Education

Commenters Give Edge to NEA’s Blog With “All the Answers”

June 02, 2008 1 min read

The NEA’s NCLB guru, Joel Packer, is the newest voice in the education blogosphere. He’s posted three podcasts and their transcripts under a banner ad that brags: “Joel Packer Has All the Answers.”

The education bloggers’ club has read Packer’s first three entries and is offering (mostly predictable) reactions. Sherman Dorn says the blog’s name is “a bit disconcerting” because Packer can’t possibly have “all the answers.” Alexander Russo says giving Packer a blog is “a wise move” for the NEA. Eduwonk crowns Packer as the “Washington’s top anti-NCLB propagandist.” At the bottom of a post on Barack Obama’s education speech last week, Charlie Barone reads Packer’s smile in the banner and tells us he’s pretending to be happy. Kevin Carey reacts to Packer’s latest podcast on education funding and says “Packer’s rhetoric fails the seriousness test.”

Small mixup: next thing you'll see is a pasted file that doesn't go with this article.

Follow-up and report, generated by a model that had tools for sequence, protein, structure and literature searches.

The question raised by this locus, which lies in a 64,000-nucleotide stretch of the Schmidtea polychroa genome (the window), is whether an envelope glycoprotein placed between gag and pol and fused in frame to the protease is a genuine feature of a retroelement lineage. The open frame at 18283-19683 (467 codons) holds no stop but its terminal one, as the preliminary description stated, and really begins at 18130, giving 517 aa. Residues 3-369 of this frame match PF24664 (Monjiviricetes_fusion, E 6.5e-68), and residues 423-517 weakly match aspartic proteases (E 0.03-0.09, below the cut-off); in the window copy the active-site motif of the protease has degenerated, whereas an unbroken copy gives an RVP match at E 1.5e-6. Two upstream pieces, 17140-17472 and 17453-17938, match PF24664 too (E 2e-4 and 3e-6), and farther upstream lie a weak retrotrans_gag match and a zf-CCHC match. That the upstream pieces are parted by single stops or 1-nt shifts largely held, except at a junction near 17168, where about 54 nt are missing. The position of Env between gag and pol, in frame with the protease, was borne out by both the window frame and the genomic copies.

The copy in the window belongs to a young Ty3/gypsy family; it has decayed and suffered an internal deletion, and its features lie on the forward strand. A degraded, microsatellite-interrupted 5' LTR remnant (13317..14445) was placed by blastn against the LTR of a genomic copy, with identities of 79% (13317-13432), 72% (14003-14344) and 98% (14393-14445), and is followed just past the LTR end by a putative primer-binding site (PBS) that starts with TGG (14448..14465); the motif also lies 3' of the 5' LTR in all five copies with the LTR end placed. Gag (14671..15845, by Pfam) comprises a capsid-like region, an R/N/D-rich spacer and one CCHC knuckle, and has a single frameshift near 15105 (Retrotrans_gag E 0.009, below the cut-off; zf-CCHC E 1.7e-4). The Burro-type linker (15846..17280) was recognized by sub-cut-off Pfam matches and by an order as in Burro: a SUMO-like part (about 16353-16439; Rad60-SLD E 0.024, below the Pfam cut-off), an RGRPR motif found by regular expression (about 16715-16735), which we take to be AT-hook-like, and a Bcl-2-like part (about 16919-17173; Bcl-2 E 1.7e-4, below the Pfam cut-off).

In her post on Packer’s blog, Eduwonkette says that “75% of teachers are women, but 75% of ed policy bloggers are men.” Looking at the previous paragraph, I’d say she should recalculate.

For my money, Packer’s blog hasn’t told me anything that I didn’t already know about where the NEA stands on NCLB. What is interesting, though, are the comments. They give a quick glimpse into the the political divide over NCLB.

Responding to the May 13 entry, commenter Lisa Linn said: “Unfortunately, you’re preaching to the choir!” That’s probably the case if NEA members are the only readers.

But that apparently is not the case. Later, an anonymous commenter writes that Sen. Edward M. Kennedy supported the policies of NCLB in 2001 and remains committed to them today. “Your political rants and ‘glass half empty’ perspective does not help solve anything,” the commenter writes. “NCLB has helped schools focus on student achievement which is a good thing.”

After the May 21 entry, janet b points out that Sen. John McCain doesn’t seem to want NCLB to change. “If McCain is elected, NCLB could undermine schools forever! That’s a scary thought.” Forever may be an exaggeration, but four years would be a safe bet, based on what what McCain has said on the campaign trail.

NEA may think Joel Packer “has all the answers.” But the comments on his blog suggest there are more questions than answers about NCLB’s future.

A version of this news article first appeared in the NCLB: Act II blog.